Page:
Two months ago, Bolivia may have been lowest of all the South American national teams in the FIFA rankings, but there was a reason for the country’s football to have a smile on its face. After a creditable goalless draw with Mexico in the team’s Copa America opener, on June 15th Bolivia beat Ecuador 3-2 to ensure a place in the quarter finals of the competition – the first time they had made it out of the group since 1997, six Copa ago, when they hosted the competition.

That feelgood moment seems a long time ago – and not because Bolivia then lost next two games in the tournament. True, the 5-0 thrashing at the hands of hosts Chile was hardly a morale boost, but with a place in the last eight already assured, coach Mauricio Soria fielded an understrength team. And then in the quarter final they were unable to cope with Peru centre forward Paolo Guerrero and went down 3-1, but at least they showed signs of defiance in defeat. Backed by the extreme altitude of La Paz in their home games, the Bolivians were entitled to feel that a place in the 2018 World Cup might not be a complete impossibility.

It may still happen. But there can be no doubt that the bizarre soap opera which has played out over the last two months has made their task appreciably harder.

The problems began soon after that game against Ecuador on June 15th, and as a direct result of the victory.  With Bolivia now qualified for the quarter finals, there was a row about bonus payments. Coach Soria was accused by Bolivian FA officials of inciting his charges to press for more money. Carlos Chavez, FA president and one of the few leading South American directors present at the Copa, was not impressed. A few days after the competition, on July 13, he declared that Soria’s reign had come to an end.

“Soria’s position is unacceptable to the FA,” he said. “He has taken some inadequate positions and for this reason we are going to sit down with him and negotiate an amicable separation.”

But less than a week later, Chavez was no longer in a position to negotiate anything. In his third term as president, Chavez was arrested as an investigation was carried out into the financial affairs of his organisation.  He remains behind bars, with other leading directors placed under house arrest.

Meanwhile, the clock has been ticking. The national team are back in action at the start of September, playing friendlies that will prepare them for the World Cup qualification campaign, which kicks off in some seven weeks’ time. The new FA Executive Committee started to panic. Who would coach the team?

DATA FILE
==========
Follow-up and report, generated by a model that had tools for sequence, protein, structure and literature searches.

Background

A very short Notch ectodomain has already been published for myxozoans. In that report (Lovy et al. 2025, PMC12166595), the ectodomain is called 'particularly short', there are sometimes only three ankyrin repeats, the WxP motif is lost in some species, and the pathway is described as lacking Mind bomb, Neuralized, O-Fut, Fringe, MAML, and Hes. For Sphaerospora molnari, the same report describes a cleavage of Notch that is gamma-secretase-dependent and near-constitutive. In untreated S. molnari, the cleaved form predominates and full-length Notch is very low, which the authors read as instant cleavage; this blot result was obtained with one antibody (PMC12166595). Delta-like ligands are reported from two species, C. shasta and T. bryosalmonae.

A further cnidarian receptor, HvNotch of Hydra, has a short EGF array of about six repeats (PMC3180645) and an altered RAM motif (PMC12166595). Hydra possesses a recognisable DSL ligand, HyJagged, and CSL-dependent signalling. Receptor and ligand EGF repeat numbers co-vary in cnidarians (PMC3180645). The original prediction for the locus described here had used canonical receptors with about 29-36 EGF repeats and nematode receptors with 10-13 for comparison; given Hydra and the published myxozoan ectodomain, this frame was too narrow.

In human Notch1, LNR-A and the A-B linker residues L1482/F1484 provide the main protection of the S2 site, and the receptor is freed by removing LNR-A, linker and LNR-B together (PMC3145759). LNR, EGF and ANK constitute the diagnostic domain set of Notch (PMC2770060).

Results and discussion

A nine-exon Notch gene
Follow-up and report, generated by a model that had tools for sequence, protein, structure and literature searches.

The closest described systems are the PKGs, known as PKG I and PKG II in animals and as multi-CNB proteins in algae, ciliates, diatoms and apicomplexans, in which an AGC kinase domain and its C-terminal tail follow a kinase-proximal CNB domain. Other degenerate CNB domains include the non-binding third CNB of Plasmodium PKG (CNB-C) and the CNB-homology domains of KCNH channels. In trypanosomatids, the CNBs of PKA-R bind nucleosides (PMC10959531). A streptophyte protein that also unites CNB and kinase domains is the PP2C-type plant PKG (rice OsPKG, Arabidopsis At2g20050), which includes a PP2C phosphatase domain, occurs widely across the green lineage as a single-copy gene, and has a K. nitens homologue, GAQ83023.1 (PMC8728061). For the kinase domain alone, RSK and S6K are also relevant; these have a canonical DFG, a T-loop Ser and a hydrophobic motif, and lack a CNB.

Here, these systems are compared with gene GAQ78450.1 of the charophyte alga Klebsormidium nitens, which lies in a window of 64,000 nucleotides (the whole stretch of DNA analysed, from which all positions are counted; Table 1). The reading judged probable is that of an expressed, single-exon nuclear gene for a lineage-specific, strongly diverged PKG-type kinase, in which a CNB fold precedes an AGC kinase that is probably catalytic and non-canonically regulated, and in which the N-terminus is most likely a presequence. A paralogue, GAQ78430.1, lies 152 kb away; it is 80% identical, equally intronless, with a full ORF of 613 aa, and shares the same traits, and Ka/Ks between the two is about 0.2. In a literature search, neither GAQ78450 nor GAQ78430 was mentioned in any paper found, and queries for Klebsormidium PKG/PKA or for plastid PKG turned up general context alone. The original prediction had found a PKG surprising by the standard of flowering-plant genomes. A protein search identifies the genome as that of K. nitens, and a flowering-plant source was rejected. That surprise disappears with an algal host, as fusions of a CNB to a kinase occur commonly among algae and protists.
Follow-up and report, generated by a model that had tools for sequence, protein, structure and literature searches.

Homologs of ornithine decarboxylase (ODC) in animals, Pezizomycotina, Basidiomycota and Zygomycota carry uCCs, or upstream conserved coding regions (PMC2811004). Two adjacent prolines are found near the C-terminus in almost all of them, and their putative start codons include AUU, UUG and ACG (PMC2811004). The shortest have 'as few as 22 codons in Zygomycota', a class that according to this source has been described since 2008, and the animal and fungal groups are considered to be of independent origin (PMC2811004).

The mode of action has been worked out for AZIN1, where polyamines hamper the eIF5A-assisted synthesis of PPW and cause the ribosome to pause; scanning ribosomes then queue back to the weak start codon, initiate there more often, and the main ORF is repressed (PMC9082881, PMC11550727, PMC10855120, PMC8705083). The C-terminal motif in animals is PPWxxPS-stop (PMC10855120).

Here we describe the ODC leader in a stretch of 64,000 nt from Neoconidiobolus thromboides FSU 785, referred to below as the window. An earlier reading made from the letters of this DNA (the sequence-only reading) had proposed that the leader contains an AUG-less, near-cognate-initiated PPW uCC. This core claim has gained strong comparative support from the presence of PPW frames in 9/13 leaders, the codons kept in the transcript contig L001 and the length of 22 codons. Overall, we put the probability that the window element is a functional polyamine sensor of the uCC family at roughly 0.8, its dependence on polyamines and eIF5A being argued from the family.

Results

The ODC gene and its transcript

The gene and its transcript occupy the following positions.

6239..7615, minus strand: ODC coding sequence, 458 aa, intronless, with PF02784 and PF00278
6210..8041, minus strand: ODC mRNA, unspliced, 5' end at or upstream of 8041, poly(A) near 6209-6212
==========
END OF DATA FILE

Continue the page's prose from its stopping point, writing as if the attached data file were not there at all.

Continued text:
Last Monday they hit on a novel solution.  Since before his arrest Chavez had not had time to negotiate the terms under which Soria was being sacked, why not just pretend that the sacking had not happened?  Erwin Peredo, president of the Blooming club was placed in charge of the negotiations – chosen in part because until the end of last year Soria was coaching Blooming.

Soria, though, refused to play ball. Last Friday he declined the offer to be ‘unsacked.’ “I believe that the conditions necessary to work are not present,” he said.  “Some of the directors continue trying to manipulate my name, and in this context the public should know that I’m not staying on, and that I have accepted the situation that was clearly expressed on July 13.”

The entire saga reads like a lesson in how not to prepare for the most competitive World Cup qualification campaign on the planet. Then again, Bolivia managed to make the Copa America quarter finals despite breaking all the rules of sound preparation.

Late last year they even managed to play three games under three different coaches. For September’s defeats against Ecuador and Mexico, the veteran Spaniard Xabier Azkargorta, who took them to the 1994 World Cup, was still in charge.  Soria came in on a caretaker basis for October’s brave 2-2 draw away to Chile.  He picked the squad for the following month’s game against Venezuela. But he then got himself involved in a political row. At the end of Blooming’s visit to Real Potosi, one of his ex-clubs, he appeared to insult the people of the host city. It caused a furore, and with temperatures running high, the Argentine Nestor Clausen took charge for the 3-2 win over the Venezuelans.

After things had cooled down, Soria was formally appointed earlier this year. But preparation time was limited. Alone of the South American nations, Bolivia were not in action in the FIFA dates at the end of March.  Instead, they pulled out of a trip to Nigeria, using the political situation in the African country as a pretext for withdrawing from a fixture which they plainly no longer wanted to fulfil. And so they had just one warm up match before the Copa, collapsing 5-0 against Argentina and giving a performance which inspired no confidence whatsoever in their chances of making progress in the tournament in Chile.

Instead, they rallied and did better than expected. Can they now overcome all the obstacles they have placed in their own path and put in a challenge for a place in Russia?

It looks as if they are turning for guidance and leadership to a Spaniard called Portugal. Miguel Angel Portugal is a former Real Madrid midfielder, and also coach of their B team, who had a successful spell in charge of the La Paz club Bolivar in 2012-13. He is due back in Bolivia in the next few days, seemingly willing to step into all the high drama at high altitude.